A new, specialized type of air cleaner—called ionic air cleaners—often produce ozone (O3), which is itself a pollutant and a health concern. At upper atmospheric levels, ozone exists in high concentrations (called the ozone layer) which protect the earth from ultraviolet (UV) radiation. Although at ground-level, ozone is normally formed by the reaction of air (or hydrocarbons and nitrogen oxides in the air) with sunlight, ionic air cleaners produce ozone as a byproduct. This byproduct contributes to the growing problem of ground-level ozone, which is responsible for decreased agricultural yields since it interferes with the photosynthesis of many plants and is therefore considered a pollutant. It can also irritate respiratory function, causing increased rates of asthma, chest pain, shortness of breath, and inflamed lung tissues.
- ground-level ozone: The main component of smog, ground-level ozone is formed when volatile organic compounds (VOCs) react chemically with nitrogen oxides (NOx) when it is sunny and hot outside. Many urban areas have high levels of this summertime pollutant but rural areas can have increased ozone levels too as wind can carry ground-level ozone hundreds of miles from where it originates. Breathing ozone can cause a number of respiratory health problems plus it damages ecosystems and vegetation including crops.
- ozone layer: A gaseous layer in the stratosphere where ozone (O3) gas is at the highest concentrations in our atmosphere. It forms a protective layer over the earth by filtering out shorter wavelength ultraviolet (UV) rays (photons or UV rays) that would otherwise be harmful to most lifeforms on earth's surface.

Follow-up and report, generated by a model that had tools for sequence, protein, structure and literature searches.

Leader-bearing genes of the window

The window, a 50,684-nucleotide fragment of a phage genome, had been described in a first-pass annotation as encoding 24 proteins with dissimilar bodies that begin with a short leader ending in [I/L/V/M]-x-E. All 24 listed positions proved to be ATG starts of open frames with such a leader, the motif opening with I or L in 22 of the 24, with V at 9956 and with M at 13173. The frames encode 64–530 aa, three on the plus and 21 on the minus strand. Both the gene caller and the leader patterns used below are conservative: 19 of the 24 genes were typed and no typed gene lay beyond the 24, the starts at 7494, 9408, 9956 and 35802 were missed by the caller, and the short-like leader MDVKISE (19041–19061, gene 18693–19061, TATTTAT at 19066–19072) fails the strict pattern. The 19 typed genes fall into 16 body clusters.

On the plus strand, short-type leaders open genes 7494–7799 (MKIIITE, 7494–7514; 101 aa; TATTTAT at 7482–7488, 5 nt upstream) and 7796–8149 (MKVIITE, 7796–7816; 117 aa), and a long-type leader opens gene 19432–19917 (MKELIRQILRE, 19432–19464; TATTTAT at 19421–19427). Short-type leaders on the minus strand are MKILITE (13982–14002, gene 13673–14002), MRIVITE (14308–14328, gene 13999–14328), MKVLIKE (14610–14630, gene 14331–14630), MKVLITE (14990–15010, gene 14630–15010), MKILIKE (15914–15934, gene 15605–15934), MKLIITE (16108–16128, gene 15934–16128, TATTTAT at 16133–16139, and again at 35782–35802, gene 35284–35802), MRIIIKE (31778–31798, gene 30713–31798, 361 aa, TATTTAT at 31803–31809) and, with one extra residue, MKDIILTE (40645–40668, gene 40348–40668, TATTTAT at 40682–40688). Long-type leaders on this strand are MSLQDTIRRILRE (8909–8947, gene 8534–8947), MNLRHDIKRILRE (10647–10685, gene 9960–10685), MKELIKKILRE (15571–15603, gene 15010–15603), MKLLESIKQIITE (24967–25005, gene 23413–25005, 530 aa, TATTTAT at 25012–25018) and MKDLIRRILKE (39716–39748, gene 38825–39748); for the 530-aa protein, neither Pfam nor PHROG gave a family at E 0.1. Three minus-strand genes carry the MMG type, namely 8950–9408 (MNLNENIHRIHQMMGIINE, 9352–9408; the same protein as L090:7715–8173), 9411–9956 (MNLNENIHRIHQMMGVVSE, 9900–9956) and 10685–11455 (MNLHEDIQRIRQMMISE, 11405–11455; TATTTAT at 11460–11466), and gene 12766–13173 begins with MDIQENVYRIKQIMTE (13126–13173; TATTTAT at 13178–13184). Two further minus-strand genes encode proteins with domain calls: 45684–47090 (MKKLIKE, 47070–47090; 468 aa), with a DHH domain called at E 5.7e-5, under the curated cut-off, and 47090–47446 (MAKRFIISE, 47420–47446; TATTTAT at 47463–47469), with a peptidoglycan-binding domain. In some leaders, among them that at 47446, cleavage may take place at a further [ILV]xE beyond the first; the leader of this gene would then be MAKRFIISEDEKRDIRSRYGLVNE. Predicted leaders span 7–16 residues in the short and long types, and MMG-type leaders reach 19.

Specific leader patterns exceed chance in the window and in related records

- volatile organic compounds (VOCs): Organic solvents that easily evaporate into the air. VOCs are emitted by thousands of products, including paints, cleaning supplies, pesticides, building materials, and furnishings, and they may cause immediate and long-term health problems.
Commercial building resources
- IndoorAirSite.com - Report on Office Indoor Air Quality Assessment: The Problem with Laser Printers
- US Environmental Protection Agency - Sick Building Syndrome
- Healthy House Institute - Improving Air Quality: What Works
- GreenGuide - Healthy Foundations A wide-ranging list of environmentally- and health-friendly indoor products for your home.
- Carpet and Rug Institute - The Green Label and Green Label Plus programs
- US Environmental Protection Agency - The Inside Story: A Guide to Indoor Air Quality
- US Environmental Protection Agency - Guide to Air Cleaners in the Home
- TreeHugger - Ask TreeHugger: Portable Air Cleaner Considerations
- US Environmental Protection Agency - Ozone Generators that are Sold as Air Cleaners: Ozone Heath Effects and Standards